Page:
Happy New Year! This Sunday, the First Sunday of Advent, four Sundays before Christmas, is the beginning of the new Church Year. The four Sundays of Advent are Sundays that prepare us for the coming of Jesus. Interestingly, the First Sunday of Advent does not look to Jesus’ birth in Bethlehem, but rather to His return at the end of time. One day, time in our world will come to an end; the specifics of when and how that will happen are unknown to us. What we are assured of is that we know the end of the story even before it happens, this gives us hope and assurance as we face each day. Notice how the readings point us to the end of time, but more importantly, notice how the readings point us to the fact that God is in control of the end and that we are safe in His hands.
The First Reading is recorded in Isaiah 2:1-5. This passage assures us that One Day the Lord will be the center of all humanity, that nations will seek Him and learn from Him. Notice that as the passage ends there is the assurance that one day there will be no more war, but that the peoples of the earth will live in peace and go about the daily activities of life.
Lord God, the world we live in is a world of chaos, turmoil, and warfare. Assure us that One Day you will bring peace through Jesus Christ, the Prince of Peace. Let us live in that hope, and empower us with Your love to be peacemakers. In the Name of Jesus we pray. Amen.
Today’s psalm is 122. This is a psalm that a pilgrim coming to the Temple in Jerusalem would pray as they approached the Temple. Notice the importance of gathering at the place of worship, and also the peace that comes from being in worship. May we have the peace of the Lord as we worship and glorify Him.
Holy Lord, as we gather for worship, give us the peace that passes all understanding, the peace that Jesus alone can give. Amen.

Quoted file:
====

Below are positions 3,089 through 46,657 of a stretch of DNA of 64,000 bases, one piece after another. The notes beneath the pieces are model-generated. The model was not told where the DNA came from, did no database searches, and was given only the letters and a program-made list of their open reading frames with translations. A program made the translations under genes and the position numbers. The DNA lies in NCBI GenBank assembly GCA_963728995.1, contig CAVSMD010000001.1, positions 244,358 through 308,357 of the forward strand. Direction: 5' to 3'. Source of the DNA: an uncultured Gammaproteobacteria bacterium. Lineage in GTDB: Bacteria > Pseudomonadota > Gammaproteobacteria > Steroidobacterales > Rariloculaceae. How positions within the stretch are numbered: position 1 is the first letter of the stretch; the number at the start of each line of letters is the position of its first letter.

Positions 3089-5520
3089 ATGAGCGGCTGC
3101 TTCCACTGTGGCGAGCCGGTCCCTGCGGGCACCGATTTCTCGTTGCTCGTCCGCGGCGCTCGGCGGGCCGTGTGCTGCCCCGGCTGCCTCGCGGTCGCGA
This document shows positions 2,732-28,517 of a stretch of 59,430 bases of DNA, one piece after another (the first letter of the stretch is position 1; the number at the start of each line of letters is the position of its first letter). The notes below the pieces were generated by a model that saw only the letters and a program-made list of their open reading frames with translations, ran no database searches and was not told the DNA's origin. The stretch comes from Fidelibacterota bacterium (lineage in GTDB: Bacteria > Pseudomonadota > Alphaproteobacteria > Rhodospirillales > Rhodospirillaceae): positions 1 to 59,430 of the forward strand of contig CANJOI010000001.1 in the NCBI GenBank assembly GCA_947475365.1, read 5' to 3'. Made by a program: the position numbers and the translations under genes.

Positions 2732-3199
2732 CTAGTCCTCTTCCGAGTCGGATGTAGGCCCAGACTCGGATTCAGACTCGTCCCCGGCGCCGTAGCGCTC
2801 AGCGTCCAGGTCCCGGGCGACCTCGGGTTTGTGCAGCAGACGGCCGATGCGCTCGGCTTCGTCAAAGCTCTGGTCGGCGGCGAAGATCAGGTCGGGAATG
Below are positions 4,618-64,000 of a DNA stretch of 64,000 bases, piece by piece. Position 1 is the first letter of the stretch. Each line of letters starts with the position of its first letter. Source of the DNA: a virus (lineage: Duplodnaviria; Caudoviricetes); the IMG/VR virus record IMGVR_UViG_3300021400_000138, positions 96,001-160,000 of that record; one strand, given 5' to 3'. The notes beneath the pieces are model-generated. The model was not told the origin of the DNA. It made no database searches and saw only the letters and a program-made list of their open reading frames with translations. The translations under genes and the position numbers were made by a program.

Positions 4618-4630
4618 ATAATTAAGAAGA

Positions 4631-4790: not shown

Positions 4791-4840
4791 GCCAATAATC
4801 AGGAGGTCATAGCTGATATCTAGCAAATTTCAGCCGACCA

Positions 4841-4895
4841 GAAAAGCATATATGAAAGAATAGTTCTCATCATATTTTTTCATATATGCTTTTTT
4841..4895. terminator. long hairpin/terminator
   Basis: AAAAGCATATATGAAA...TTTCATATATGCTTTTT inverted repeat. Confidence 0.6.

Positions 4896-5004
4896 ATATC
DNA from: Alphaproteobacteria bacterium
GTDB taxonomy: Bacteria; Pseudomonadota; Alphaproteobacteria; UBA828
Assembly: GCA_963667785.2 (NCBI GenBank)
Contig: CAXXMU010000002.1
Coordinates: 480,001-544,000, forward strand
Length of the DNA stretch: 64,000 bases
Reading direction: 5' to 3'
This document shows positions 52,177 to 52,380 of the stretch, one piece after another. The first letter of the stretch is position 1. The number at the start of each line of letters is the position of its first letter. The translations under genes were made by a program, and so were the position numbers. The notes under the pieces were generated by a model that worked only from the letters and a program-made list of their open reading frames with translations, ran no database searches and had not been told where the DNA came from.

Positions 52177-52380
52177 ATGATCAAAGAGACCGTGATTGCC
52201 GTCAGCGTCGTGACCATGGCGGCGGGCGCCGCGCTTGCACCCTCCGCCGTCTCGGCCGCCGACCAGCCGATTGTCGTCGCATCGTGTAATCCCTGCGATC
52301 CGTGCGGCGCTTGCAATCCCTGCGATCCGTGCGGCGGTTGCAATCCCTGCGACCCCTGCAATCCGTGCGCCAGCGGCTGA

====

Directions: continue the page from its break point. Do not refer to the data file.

The Second Reading is found in Romans 13:8-14. The Gospel affects our daily lives, the Gospel of Jesus changes us. In this reading the apostle Paul reminds his readers that the 10 Commandments are summed up in the phrase, “You shall love your neighbor as yourself.” May we love the Lord and others as God first loved us.
Notice also that Paul reminds his readers that the return of Jesus is drawing near, and that this assurance should cause us to live in ways that turn us from sin and to lives that are lived in anticipation of His return.
Loving Lord, we thank and praise You for Your love for us. Let Your love make us new every day so that our words and actions reflect Your love, and that they will be words and actions that point others to You. In Jesus’ Name. Amen.
The Gospel is recorded in Matthew 24:36-44. What will the time approaching the End of the World be like? Often it is portrayed in chaotic and tumultuous ways, but in this passage, people are going about their day-to-day activities and suddenly the End comes. Other passages talk about tumult and chaos as the End nears. So, which will it be? Who knows for sure? Possibly both/and, both a time of chaos and a time of peace before the End. How do we live? Be ready, we do not know the day nor the hour of His return.
Lord God, ruler of all, we do not know the day nor the hour of Your return, but keep us in anticipation and excitement as we wait, trusting in You to redeem Your people and to set all things right. Keep us ready! In Jesus we pray. Amen.